As Nigeria’s oil and gas industry entered the new year with huge losses and sundry challenges due to the dreaded coronavirus (COVID-19) pandemic-led shocks on the sector, some industry experts have said the sector has a brighter chance of recovery from its losses, which will in turn impact positively on the Nigerian economy in 2021.
The Nigerian economy has been thoroughly humbled under severe challenges occasioned by the dawn of the virus, border closure, the #ENDSARS protests that turned bloody after it was highjacked by hoodlums amongst other problems. The experts hinged their optimism on the eventual discovery of the COVID-19 vaccines, the expected restoration of oil production output by the Organisation of Petroleum Exporting Countries and its allies (OPEC+) and the stabilisation of oil price at over $50 per barrels, among others.
They also cited the awaiting passage of the Petroleum Industry Bill (PIB) by the National Assembly in this first quarter, the assent and implementation of the bill, and the awaiting allocation of new marginal oil fields to successful bidders, among others, as bases for their positive projection for the industry and the nation. The Nigeria’s oil and gas sector faced a turbulent business year in 2020 due to the COVID-19 pandemic that led to the collapse of oil prices and the shattering of industry and national projections for the year.
The Lead Promoter of Energyhub, Dr Felix Amieyeofori, told the media that the oil and gas industry globally looks positive with the commencement of COVID-19 vaccination in more than 30 countries. The COVID-19 vaccination is currently going on in some countries, including the United Kingdom, the United States, most of Europe, Russia, Canada and Saudi Arabia.
This, Amieyeofori said, would hopefully open up the economies and impact on energy demands in the world, a situation that would help to increase Nigeria’s oil revenue. According to him, the expectation that crude prices will stabilise around the current price of $50 per barrel in this 2021 brightens hopes for a stronger national economy in 2021.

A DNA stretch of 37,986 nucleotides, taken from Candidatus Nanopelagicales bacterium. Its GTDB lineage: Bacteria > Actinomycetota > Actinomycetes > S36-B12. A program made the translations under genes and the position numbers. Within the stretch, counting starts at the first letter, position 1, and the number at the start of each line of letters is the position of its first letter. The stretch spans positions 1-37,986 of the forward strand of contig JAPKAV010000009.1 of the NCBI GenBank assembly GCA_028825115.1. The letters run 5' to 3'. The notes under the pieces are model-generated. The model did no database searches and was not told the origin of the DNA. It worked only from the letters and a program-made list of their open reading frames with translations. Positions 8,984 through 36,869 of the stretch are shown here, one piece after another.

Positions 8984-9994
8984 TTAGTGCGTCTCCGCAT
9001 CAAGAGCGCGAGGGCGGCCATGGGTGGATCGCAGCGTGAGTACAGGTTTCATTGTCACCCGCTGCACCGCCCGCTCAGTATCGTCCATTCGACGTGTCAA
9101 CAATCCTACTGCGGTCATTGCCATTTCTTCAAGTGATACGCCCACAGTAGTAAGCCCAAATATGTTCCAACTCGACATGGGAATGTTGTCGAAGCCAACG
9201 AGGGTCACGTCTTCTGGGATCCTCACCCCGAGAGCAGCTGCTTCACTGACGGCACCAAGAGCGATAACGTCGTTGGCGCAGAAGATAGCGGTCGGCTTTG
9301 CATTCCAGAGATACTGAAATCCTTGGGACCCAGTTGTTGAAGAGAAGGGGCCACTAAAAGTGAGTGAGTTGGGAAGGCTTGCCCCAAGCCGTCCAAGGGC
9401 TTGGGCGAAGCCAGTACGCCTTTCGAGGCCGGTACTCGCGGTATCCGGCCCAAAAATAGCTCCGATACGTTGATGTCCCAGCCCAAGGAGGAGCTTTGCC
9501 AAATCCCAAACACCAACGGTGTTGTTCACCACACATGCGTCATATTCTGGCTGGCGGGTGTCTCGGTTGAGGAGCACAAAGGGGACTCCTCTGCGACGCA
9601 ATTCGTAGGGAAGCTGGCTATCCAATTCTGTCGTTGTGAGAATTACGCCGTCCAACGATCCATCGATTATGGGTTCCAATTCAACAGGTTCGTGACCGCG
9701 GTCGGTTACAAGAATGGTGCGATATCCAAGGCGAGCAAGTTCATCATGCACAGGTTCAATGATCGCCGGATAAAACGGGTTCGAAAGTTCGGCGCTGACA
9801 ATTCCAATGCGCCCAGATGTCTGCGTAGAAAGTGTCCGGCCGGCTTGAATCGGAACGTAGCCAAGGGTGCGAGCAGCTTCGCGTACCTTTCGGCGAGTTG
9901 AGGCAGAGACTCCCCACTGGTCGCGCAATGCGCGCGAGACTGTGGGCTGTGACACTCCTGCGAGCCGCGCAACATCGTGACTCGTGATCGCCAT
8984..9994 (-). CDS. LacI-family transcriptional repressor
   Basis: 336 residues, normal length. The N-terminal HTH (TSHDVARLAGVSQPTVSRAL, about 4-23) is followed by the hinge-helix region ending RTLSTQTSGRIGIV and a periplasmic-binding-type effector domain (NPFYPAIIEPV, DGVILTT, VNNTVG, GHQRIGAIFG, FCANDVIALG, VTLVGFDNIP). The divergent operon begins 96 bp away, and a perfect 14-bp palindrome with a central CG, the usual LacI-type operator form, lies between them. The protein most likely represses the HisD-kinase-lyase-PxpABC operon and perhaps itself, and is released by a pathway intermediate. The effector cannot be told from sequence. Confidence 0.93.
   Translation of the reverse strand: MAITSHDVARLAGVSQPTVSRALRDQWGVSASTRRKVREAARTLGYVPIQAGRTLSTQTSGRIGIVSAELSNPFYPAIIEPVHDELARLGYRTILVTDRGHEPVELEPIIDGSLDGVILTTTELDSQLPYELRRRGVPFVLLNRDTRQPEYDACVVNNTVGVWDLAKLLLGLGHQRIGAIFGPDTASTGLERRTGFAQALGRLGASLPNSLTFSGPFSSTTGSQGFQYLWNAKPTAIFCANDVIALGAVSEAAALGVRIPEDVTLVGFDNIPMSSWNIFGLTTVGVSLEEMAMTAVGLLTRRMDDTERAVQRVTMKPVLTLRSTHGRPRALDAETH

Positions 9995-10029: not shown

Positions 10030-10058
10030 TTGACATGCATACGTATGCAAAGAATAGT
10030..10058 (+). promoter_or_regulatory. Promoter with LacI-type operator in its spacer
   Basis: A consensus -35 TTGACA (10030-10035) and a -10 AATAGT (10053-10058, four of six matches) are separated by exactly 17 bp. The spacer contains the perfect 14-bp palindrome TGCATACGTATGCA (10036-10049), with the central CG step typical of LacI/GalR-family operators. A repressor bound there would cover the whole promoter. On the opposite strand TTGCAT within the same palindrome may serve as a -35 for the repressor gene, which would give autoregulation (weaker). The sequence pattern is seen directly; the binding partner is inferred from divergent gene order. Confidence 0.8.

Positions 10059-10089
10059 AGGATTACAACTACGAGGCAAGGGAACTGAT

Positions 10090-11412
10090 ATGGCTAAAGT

He said: “The Nigerian oil industry will also benefit significantly with the vaccination, plus the hope that the PIB will be passed into law this first quarter. “The industry will also be a beehive of activities with the award of the 57 marginal fields to indigenous oil and gas companies.
“The PIB and the marginal fields should attract more foreign investments into the country. We also expect increase in activities in the gas sector this year, driven by Autogas and flare gas commercialisation programmes.”
On policy actions the federal government needs to take to help mitigate some of the operational risks in the industry and attract more investments into the industry, he said: “The government must expedite the marginal fields awards and the passage of the PIB within the first quarter in order to drive the expected growth in the industry.
“The government should also address the issue of feedstocks challenges for the potential investors for the modular refinery industry as that is another source of investment into the country.”
Also, on the meeting of the OPEC+ scheduled for today, to discuss production quota for February 2021, he said the oil cartel would at the meeting, confirm additional reduction of 500,000 barrels per day oil production quota, thus reducing existing production cuts from the 7.7 million barrels to 7.2 million barrels.
Also speaking on the issue, the Chairman of Society of Petroleum Engineers (SPE) Nigeria Council, Mr. Joe Nwakwue, said he was hopeful that global demand for crude oil would be restored and the prices of oil would stabilise above $50 per barrel. He added that the passage and prompt implementation of the PIB would address most of the domestic uncertainties and challenges being faced by the oil and gas operators in the country.
“I hope that significant demand restoration will happen this year, especially with the ongoing COVID-19 vaccination efforts across the globe. Recovery will take time no doubt but I hope 2021 will launch us on the path to full recovery,” Nwakwue said.
On some of the policy actions the federal government should take to attract more investments in the sector and reduce risks, he said: “We need to pass and implement an investor-friendly PIB, and work on most of the ease of doing business challenges facing the sector”.